When she doesn’t have pen to paper (or fingertips to laptop keyboard), she can generally be found with a book in hand. In her spare time, Bethany reviews books for a book site called More Than A Review.

Please share your favourite books with us:

Persuasion by Jane Austen
Anne Elliot may not have the charm of Elizabeth Bennet, but she is the most loyal of all Jane Austen’s works and thus my favorite. I love how in her story, she’s matured but still loves the man she turned away. Also, this quote: “All the privilege I claim for my own sex (it is not a very enviable one: you need not covet it), is that of loving longest, when existence or when hope is gone!”

The Foundling by Georgette Heyer
What I love about this book is Gilly, the seventh Duke of Sale. He is a mild mannered young man, who longs to know what life would be like if there weren’t well meaning family members and servants who won’t let him lift a finger for himself. He is such a lovable character who really grows up in the story.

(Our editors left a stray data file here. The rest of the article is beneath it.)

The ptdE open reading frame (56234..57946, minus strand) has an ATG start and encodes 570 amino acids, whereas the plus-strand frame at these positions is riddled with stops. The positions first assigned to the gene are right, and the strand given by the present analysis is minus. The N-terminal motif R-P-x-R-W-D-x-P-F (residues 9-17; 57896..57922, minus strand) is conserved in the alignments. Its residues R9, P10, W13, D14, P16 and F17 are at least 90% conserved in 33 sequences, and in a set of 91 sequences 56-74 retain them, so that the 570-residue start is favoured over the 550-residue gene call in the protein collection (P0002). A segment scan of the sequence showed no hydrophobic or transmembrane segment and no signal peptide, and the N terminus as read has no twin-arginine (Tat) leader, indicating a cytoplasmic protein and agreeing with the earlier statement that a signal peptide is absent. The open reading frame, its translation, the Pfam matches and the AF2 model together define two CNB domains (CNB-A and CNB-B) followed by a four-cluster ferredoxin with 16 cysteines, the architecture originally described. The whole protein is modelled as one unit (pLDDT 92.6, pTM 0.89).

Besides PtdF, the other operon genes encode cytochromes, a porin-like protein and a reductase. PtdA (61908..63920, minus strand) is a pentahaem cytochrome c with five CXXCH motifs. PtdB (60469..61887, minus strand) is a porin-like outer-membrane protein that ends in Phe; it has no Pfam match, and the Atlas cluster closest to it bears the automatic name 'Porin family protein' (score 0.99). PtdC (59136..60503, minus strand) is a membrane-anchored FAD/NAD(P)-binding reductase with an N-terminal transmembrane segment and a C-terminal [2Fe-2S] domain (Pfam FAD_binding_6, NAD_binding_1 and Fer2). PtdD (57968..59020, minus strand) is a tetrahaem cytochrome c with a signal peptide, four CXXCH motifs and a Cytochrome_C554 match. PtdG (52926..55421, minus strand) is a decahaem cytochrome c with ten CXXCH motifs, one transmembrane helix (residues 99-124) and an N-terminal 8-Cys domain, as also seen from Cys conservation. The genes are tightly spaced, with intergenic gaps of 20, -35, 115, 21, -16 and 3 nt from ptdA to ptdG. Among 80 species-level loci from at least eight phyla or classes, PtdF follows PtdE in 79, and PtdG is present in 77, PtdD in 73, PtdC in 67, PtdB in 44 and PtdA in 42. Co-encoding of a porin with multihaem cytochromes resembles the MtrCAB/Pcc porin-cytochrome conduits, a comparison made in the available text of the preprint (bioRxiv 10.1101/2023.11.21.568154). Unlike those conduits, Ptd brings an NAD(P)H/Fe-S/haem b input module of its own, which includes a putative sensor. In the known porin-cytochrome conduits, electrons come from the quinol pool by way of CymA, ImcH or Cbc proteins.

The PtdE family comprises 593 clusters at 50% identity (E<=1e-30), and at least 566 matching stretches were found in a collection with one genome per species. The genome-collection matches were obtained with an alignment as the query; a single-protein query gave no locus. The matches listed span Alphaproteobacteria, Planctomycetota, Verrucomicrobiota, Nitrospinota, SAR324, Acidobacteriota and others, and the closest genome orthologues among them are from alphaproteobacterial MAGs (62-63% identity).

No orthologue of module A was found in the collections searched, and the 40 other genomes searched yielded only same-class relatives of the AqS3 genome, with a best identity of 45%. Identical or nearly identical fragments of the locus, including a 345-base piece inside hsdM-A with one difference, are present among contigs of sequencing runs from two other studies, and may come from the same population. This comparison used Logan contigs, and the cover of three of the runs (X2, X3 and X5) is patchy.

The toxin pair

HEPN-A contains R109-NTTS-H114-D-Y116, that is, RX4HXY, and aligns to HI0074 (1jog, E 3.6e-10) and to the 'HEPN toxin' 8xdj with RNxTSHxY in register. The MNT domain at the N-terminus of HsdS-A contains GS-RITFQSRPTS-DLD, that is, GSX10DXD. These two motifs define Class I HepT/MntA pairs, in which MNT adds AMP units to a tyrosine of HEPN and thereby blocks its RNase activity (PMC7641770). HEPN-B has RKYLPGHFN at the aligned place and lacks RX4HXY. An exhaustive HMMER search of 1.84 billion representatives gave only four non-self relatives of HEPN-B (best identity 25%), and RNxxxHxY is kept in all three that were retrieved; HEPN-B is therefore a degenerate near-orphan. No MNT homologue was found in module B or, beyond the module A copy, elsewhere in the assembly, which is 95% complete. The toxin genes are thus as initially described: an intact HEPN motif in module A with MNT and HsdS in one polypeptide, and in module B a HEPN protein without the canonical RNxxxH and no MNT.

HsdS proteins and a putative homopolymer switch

The Case of the Left-Handed Lady (Enola Holmes #2) by Nancy Springer
This is the second book in a middle-grade series about Sherlock Holmes much younger sister. What I love about this book especially is Enola Holmes interactions, not only in disguise with her detective brother, but with a young lady who comes to be her best friend. With codes to solve and danger on every corner, this book out of the series is the one I pick up first.

The Clue of the Broken Locket (Nancy Drew #11) by Carolyn Keene
This one is on my list because this was my first introduction to Nancy Drew when I was seven years old. Nancy has two mysteries to solve. What I fell in love with was how the mysteries entwined through the story and how much spunk this detective has.